The great German pianist Wilhelm Kempff was one of the Irish pianist John O’Conor’s teachers. Since 1997, O’Conor has presented Kempff’s ‘Beethoven Interpretation Course’ at the legendary pianist’s villa in Italy. Central to Kempff’s reputation are the five Beethoven piano concertos and so any new recordings by one of his pupils will inevitably face comparison. Sadly this comparison is not flattering.

The Concerto No. 1 gets off to the worst possible start; the orchestral introduction is flaccid and O’Conor’s entrance is tentative and uninspiring. Ultimately the entire first movement lacks flair and interpretive sense. (Tellingly it is around three-and-a-half minutes longer than Kempff’s famous 1962 recording.) There is no improvement in the second movement, which lacks passion and sounds mechanical, surprisingly however the third movement is a gem – sparkling, lively and thoroughly enjoyable. Unfortunately this improvement is short lived though, and O’Conor’s performance of the third Concerto, while marginally more even (the outer movements have some moments of quality) still fails to impress.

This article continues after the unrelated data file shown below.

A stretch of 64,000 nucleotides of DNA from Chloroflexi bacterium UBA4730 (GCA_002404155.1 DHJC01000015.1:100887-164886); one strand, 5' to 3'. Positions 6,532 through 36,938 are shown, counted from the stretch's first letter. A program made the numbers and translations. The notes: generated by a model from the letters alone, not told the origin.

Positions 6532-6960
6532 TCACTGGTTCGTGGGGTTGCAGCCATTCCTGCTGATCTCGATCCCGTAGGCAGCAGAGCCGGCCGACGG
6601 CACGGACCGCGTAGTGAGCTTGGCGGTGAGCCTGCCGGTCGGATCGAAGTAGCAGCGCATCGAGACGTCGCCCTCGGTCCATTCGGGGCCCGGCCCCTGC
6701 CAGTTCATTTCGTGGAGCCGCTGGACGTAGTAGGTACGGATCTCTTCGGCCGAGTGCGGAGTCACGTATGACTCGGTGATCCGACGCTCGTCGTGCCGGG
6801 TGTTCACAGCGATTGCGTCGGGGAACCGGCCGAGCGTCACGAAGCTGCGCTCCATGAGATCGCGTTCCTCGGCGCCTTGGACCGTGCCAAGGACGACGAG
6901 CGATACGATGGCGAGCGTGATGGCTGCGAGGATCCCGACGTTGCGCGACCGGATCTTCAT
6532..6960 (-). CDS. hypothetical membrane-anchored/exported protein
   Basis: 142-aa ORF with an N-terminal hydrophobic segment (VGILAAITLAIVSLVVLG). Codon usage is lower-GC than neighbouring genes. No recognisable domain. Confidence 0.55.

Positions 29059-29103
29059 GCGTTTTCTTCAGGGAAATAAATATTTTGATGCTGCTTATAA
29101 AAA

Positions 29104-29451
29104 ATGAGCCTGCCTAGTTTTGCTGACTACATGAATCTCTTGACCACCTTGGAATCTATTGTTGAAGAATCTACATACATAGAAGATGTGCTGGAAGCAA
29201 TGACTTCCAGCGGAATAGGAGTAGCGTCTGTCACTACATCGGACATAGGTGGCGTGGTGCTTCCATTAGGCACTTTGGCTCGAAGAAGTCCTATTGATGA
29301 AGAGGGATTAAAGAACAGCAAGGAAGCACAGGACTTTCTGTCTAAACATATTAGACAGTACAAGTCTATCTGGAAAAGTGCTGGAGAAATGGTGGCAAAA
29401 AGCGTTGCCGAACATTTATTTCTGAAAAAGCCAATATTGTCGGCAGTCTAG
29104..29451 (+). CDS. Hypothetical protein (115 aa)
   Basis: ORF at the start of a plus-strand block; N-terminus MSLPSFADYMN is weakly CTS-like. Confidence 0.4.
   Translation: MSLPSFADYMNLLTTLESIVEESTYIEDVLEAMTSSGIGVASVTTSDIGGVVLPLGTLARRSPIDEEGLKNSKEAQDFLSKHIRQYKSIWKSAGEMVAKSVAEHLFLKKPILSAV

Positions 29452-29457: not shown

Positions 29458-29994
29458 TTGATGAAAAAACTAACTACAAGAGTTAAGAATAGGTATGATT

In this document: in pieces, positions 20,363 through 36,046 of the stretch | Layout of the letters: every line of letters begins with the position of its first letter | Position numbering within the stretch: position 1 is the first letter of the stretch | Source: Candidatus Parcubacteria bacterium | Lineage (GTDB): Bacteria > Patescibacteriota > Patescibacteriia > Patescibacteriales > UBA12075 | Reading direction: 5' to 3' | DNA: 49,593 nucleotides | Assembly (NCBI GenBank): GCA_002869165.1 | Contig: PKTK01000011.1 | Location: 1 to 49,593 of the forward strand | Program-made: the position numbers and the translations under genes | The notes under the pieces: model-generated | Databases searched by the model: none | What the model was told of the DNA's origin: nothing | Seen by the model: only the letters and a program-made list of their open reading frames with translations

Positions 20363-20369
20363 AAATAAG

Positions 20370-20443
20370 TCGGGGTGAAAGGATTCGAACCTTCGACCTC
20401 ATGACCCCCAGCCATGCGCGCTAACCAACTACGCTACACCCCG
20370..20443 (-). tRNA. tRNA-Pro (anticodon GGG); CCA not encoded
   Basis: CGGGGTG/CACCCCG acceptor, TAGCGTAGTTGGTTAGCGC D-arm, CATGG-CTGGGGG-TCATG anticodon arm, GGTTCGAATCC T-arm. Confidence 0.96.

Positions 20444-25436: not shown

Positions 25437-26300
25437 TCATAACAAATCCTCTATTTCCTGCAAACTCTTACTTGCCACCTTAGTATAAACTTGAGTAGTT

The Concerto No. 4 places the differences between O’Conor and his famous mentor in sharp relief. While Kempff mixes vigour with control, strength with a delicate touch and an imaginative use of rubato and dynamic variation, O’Conor’s playing is rigid, fussy and lacks imagination. Beethoven would surely have been appalled.